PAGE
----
The following albums didn’t make our Top 10 of the year but are excellent nonetheless. Each selection below was chosen by one of our staff members to showcase a record that left an impression.
Black Milk & Nat Turner
The Rebellion Sessions
Black Milk, Detroit’s most obvious heir to the Dilla legacy, sharpens his more abstract wares with D.C. band Nat Turner on The Rebellion Sessions. Made up of several gauzy, organic-sounding jazz and funk tracks, the bass, keys, drums — along with Black’s production flourishes — bring to mind in equal measures Bitches Brew (the organ intro on “Ancient Rebellion” is pure Hancock) and Afrobeat (close your eyes and dream dreams of Fela Kuti when you listen to “The Knock”). The album is a pure sonic manifestation of a now-veteran producer blissed out and still growing as an artist. Put it on when you’re getting ready to go out on a Friday, then maybe stay in and listen to it again. —Dan Jones
White-knuckled, clenched-fists raps. Every one of the beats on this album is a punching bag bruised and beaten by Aztek the Barfly, Suicide Kings, and the rest of the spitters on this project. It’s one of the best releases in hardcore hip-hop — from Detroit or otherwise — in a long time. Tracks like “Gorilla Glue” and “Blood Clot” deserve to be played as boxing entrance music or in the biggest stadiums imaginable. Real bad guy shit. —Justin
Good Will Prevail
GRiZ’s smashing 2016 release Good Will Prevail is a summation of his message as a producer and influential individual. Not only does the album’s title complement the artist’s incredibly positive mentality, but it also serves as a powerful thematic focus for 2017, with our nation in a politically hectic state as the year begins. Interestingly enough, GRiZ dips his toes into the grime scene, using dubstep and heavy bass production techniques, all while seamlessly weaving the flavor of live instruments such as saxophone and guitar into the mix. Good Will Prevail is one of the heaviest presentations of GRiZ’s ability as producer to date, and while fans of his patented funky style may be a bit skeptical at first, it is guaranteed to move feet and bob heads. —Zack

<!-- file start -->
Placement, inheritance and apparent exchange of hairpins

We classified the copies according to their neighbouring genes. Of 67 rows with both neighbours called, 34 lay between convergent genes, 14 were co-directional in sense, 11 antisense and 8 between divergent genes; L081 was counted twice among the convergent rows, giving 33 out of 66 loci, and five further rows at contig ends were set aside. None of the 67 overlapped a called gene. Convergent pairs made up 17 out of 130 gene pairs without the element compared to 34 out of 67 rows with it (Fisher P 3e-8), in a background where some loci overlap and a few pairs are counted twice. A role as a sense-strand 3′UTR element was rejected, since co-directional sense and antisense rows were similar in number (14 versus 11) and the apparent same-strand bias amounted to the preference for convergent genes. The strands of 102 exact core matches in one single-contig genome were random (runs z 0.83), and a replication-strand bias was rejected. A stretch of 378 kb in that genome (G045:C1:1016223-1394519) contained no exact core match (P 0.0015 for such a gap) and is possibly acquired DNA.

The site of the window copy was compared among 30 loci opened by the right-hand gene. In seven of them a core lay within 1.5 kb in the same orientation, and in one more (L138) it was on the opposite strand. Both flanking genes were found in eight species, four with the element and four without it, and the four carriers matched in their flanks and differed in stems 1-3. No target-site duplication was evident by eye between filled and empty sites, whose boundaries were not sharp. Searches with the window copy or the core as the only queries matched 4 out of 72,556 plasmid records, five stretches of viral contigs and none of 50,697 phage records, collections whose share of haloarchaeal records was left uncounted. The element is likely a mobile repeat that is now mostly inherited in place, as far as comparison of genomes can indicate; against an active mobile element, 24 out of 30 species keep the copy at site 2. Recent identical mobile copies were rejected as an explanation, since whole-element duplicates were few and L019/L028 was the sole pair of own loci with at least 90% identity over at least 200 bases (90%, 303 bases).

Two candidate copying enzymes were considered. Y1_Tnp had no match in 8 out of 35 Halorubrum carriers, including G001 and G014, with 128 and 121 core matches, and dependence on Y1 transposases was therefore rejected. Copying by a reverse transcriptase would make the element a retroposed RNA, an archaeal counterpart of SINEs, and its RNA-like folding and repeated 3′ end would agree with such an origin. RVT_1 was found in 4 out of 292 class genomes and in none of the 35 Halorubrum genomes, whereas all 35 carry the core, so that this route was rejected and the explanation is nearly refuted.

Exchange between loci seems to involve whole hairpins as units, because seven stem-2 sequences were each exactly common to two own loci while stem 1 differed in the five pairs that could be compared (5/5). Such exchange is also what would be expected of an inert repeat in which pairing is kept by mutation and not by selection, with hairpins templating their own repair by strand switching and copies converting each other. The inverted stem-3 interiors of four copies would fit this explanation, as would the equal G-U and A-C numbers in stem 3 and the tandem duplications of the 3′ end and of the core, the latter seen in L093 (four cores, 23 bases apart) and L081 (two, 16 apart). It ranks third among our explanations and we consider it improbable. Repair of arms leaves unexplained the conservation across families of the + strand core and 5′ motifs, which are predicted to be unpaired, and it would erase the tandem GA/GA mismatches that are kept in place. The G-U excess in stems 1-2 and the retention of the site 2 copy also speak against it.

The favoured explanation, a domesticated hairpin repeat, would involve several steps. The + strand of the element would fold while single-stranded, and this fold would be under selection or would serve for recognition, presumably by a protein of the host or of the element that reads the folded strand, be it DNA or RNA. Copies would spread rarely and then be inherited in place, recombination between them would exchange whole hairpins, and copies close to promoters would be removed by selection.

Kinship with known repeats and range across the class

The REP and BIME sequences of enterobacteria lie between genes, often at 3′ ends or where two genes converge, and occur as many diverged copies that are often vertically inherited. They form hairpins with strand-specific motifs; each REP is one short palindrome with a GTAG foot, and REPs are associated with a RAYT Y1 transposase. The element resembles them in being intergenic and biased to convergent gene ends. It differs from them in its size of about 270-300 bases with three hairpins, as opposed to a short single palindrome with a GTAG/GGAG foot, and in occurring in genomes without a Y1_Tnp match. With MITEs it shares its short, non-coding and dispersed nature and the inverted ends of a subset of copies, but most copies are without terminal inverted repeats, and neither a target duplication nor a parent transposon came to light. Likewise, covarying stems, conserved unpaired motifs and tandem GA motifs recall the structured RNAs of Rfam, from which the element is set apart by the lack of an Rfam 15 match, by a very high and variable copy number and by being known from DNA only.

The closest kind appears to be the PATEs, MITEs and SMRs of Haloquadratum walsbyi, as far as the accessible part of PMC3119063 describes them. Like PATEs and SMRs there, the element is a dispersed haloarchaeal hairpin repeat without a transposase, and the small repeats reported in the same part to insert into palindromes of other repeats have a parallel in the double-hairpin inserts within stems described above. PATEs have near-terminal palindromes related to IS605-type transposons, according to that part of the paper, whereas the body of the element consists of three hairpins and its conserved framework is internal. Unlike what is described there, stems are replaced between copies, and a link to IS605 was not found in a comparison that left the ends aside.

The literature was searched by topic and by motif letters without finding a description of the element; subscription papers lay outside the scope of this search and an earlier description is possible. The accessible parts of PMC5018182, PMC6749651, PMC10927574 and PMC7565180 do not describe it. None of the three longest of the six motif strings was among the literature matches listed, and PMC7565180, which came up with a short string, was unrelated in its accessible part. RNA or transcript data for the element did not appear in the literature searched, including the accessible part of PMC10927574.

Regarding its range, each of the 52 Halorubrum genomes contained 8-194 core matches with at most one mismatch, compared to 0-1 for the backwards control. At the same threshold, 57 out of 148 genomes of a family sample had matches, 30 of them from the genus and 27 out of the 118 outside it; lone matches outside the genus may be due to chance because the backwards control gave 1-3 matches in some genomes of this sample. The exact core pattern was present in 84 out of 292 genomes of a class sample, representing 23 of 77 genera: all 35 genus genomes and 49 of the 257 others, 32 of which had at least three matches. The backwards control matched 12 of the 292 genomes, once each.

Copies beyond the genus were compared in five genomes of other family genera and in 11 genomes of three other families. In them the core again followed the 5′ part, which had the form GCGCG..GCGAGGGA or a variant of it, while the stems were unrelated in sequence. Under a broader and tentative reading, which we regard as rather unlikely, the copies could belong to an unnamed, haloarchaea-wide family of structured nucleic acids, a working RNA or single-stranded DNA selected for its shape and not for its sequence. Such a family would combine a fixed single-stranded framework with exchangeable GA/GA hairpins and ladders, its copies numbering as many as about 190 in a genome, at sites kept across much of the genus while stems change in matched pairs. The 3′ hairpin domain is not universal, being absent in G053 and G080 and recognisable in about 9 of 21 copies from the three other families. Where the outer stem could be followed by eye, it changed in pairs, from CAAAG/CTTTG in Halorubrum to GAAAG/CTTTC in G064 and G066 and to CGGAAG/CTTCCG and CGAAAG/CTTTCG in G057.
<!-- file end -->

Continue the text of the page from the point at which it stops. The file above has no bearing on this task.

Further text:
When you get burned out on dance music, turn to Detroit. We are fortunate to have so much local talent that I often take it for granted. Kyle Hall is a homegrown prodigy whom I foolishly overlooked. This year I found myself listening to a wide range of music, but I was definitely neglecting electronica. I credit From Joy as one of the focal points for my electronic renaissance. This is the perfect album for people who think “techno” doesn’t have soul. It’s gorgeous, scintillating, and danceable. In 30 years, I hope I hear Kyle Hall alongside smooth jazz playlists on 90.9, because I can’t really envision a future where I’m not still listening to Detroit techno. —Inchaus
The cultural significance of Moonwalken is impossible to overstate. In a slew of releases over the past few years, Icewear Vezzo has established himself as the king of Detroit rap, and the success of Moonwalken only furthers the merit of that distinction. After recently investing in multiple financial endeavors outside of music (including a soul food restaurant, a medical marijuana dispensary, and car wash business), Vezzo’s Iced Up Records has become urban street legend, attracting huge cosigns from the likes of Gucci Mane, Big Sean, Danny Brown, Kevin Gates, and others. Unlike big label artists, the impact of Moonwalken can be measured in massive local appeal, as well as exponential reach through the power of social media. Hits include the album’s title track, “Pints & You” (which pays homage to a habit that has designated him the “Drank God”), and “Come and Go,” while production credits include the likes of TM88 from 808 Mafia and Zaytoven. Chances are, if you were at a stoplight in Detroit within the last year — you’ve already heard this record. —P.Y.